Patient will present as → a 60-year-old woman with a severe drug-induced reaction on both lower limbs with few lesions elsewhere in addition to mucosal involvement of the mouth of two days duration. The insulting drug was sulfonamide and the onset of the rash was within 48 hours of taking the drug. The rash comprised of bilateral symmetrical bullae on a background of erythematous macules and patches in addition to erosions and peeling.
Stevens–Johnson syndrome (SJS) is a milder form of toxic epidermal necrolysis (TEN) with LESS THAN 10% of body surface area detachment
- Stevens-Johnson syndrome, toxic epidermal necrolysis, and SJS/TEN overlap. All three are part of a spectrum of severe cutaneous reactions (SCAR) which affect skin and mucous membranes
The distinction between SJS, SJS/TEN overlap, and TEN is based on the type of lesions and the amount of the body surface area with blisters and erosions
- Blisters and erosions cover between 3% and 10% of the body in SJS
- 11–30% in SJS/TEN overlap
- over 30% in TEN
- Severe, potentially fatal, mucocutaneous drug reactions characterized by epidermal necrosis involving skin and at least 2 mucous membranes
- Most common with drug eruptions: Over 100 medications have been implicated in causing SJS especially sulfa and anticonvulsant medications
- Prodromal period for 1–7 days of low-grade fever, sore throat or upper respiratory infection or dysphagia, and general malaise; the patient may also complain of pain or stinging in the eyes
- Subsequent development of targetoid red papules and plaques with dusky, blistered, or eroded center as well as mucosal (lip, intraoral, conjunctival, urethral, anal) pain with blistering and erosions.
- The progression of disease to sheets of widespread epidermal necrosis and sloughing may be hours. This is a medical emergency.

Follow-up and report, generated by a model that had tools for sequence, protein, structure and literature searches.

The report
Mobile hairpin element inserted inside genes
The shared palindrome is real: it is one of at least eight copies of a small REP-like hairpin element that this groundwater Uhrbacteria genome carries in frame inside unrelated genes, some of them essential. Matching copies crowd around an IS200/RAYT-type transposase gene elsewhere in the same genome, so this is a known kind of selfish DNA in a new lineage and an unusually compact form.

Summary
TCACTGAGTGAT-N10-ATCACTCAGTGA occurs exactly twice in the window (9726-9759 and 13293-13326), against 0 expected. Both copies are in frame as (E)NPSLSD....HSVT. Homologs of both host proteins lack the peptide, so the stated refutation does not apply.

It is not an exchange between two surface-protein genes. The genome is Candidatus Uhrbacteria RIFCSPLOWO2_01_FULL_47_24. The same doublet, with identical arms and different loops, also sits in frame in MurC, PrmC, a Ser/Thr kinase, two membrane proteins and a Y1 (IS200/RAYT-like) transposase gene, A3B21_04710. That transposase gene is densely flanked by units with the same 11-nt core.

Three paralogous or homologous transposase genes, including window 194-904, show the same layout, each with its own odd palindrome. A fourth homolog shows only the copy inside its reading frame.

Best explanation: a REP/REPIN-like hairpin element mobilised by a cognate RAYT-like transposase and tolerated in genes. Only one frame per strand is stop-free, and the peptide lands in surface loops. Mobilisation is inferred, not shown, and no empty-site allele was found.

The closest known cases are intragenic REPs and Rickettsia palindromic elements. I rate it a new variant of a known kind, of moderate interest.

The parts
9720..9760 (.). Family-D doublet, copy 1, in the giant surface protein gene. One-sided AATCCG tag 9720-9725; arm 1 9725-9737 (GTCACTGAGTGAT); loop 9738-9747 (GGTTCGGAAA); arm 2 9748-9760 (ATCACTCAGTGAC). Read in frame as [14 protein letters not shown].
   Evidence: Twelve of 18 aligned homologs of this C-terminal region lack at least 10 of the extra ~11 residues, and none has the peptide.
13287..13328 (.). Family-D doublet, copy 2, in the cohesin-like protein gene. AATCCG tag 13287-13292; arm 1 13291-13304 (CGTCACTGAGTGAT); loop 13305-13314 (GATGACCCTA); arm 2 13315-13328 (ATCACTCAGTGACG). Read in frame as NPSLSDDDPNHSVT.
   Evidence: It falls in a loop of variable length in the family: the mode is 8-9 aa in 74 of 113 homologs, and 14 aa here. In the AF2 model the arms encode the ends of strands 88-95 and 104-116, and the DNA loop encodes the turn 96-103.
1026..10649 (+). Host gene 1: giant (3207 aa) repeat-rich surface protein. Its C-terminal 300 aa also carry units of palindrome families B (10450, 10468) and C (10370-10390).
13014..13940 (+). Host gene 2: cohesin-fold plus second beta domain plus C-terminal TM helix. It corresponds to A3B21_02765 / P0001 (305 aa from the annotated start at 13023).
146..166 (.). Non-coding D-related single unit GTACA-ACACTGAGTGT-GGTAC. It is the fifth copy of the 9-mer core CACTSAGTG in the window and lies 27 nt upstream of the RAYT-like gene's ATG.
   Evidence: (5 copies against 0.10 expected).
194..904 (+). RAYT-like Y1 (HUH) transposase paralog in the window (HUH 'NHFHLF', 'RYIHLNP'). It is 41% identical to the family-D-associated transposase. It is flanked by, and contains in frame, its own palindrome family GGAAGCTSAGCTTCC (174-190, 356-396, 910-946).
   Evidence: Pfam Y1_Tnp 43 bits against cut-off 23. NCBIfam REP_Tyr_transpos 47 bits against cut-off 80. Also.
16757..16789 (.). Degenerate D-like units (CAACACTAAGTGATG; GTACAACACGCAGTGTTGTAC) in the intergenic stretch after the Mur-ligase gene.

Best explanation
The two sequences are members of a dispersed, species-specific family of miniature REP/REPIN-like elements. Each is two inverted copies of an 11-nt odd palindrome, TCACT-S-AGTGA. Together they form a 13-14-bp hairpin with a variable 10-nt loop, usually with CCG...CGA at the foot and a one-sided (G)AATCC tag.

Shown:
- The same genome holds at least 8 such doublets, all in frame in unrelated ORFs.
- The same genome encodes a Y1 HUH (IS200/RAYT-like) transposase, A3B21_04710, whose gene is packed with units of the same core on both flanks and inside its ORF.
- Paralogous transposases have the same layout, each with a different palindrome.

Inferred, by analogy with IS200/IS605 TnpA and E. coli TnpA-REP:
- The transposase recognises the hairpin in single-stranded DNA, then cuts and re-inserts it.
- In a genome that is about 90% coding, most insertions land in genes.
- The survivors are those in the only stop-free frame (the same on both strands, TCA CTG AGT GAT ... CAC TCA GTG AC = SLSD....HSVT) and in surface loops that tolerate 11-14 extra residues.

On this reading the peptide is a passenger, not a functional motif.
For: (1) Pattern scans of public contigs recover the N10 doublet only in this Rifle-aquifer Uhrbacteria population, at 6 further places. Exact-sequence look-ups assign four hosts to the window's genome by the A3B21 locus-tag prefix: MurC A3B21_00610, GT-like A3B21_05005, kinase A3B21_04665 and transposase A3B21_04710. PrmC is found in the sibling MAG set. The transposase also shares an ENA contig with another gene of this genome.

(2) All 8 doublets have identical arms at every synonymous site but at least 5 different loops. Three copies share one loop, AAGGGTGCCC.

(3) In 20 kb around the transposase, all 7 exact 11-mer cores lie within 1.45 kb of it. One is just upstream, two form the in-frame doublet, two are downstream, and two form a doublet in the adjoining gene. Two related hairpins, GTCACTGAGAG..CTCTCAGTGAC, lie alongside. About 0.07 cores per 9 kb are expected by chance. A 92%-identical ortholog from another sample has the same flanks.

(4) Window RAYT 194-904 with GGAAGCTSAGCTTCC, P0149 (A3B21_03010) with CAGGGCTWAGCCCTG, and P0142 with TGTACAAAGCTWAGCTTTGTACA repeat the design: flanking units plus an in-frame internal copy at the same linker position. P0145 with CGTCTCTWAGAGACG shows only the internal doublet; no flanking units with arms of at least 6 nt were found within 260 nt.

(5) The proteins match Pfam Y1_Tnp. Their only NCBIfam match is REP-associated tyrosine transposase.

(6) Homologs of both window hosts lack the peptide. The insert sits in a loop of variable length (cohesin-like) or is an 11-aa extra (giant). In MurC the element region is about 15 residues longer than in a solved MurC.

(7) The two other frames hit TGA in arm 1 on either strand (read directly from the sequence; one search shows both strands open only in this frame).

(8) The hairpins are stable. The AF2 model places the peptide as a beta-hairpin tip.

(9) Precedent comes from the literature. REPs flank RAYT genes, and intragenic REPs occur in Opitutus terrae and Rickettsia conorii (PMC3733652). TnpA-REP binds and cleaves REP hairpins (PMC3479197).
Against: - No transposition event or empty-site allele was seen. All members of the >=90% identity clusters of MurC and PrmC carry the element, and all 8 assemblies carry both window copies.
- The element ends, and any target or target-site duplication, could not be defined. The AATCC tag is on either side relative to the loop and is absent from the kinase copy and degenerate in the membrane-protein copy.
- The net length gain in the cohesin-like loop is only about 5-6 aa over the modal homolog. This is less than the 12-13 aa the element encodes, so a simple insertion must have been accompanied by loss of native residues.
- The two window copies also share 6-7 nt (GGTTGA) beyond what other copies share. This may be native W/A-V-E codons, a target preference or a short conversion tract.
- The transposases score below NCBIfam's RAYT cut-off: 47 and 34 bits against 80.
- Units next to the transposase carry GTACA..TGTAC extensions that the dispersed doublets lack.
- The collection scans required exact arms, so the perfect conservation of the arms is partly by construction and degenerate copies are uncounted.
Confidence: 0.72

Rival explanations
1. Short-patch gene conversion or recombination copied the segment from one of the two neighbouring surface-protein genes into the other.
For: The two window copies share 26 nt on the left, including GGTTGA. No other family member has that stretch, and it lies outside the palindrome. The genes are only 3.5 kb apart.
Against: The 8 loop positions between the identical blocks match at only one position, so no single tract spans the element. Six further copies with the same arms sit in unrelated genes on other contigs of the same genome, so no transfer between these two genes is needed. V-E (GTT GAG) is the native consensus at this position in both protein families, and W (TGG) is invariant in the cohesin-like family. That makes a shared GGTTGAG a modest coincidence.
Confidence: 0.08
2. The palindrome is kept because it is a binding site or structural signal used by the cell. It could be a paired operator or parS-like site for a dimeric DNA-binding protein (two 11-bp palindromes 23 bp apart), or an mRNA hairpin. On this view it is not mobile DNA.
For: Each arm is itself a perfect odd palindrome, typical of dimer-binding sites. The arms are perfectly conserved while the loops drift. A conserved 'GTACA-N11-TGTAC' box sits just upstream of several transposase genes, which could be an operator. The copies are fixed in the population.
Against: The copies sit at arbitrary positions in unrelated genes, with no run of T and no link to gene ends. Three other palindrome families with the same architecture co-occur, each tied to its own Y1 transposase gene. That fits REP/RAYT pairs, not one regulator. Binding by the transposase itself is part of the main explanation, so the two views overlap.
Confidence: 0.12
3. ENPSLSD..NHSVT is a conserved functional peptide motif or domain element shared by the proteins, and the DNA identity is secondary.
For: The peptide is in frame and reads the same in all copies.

- Eye symptoms may be severe
- (+) Nikolsky's sign: skin peels away in sheets when pressure applied and rubbed.
Clinical evaluation and skin biopsy - shows necrotic epithelium
- Diagnosis is often obvious from the appearance of lesions and rapid progression of symptoms. Histologic examination of sloughed skin shows necrotic epithelium, a distinguishing feature.
- Differential diagnosis in SJS and early TEN includes erythema multiforme, viral exanthems, and other drug rashes; SJS/TEN can usually be differentiated clinically as the disorder evolves and is characterized by significant pain and skin sloughing.
Stop all potentially offending medications
- Early admission to burn unit or pediatric intensive care unit for initial stabilization and management of fluid, electrolytes, and nutrition; airway stability; and eye care
- Prompt ophthalmology and dermatology consultation
- Intravenous immunoglobulin (IVIG)
- Steroids used to be the treatment of choice are now thought to be an increased risk for sepsis
|Stevens-Johnson syndrome is a blistering skin disorder most often caused by drug reactions. It initially begins as a fever, but later involves the mucosa and skin, leading to blistering, necrolysis and skin sloughing. An important distinction to realize is that Stevens-Johnson syndrome (SJS) involves less than 30% of the body surface area. If more than 30% of the body surface area is involved, it is classified as Toxic Epidermal Necrolysis (TEN). This syndrome has a high mortality rate, but interventions include supportive care and intravenous immunoglobulin (IVIG) administration.|
It is a milder form of toxic epidermal necrolysis with less than 20% body surface area detachment
Nevirapine is a trigger
Loss of vision could benzene a complication
Corticosteroid may be used in the treatment of patients with SJS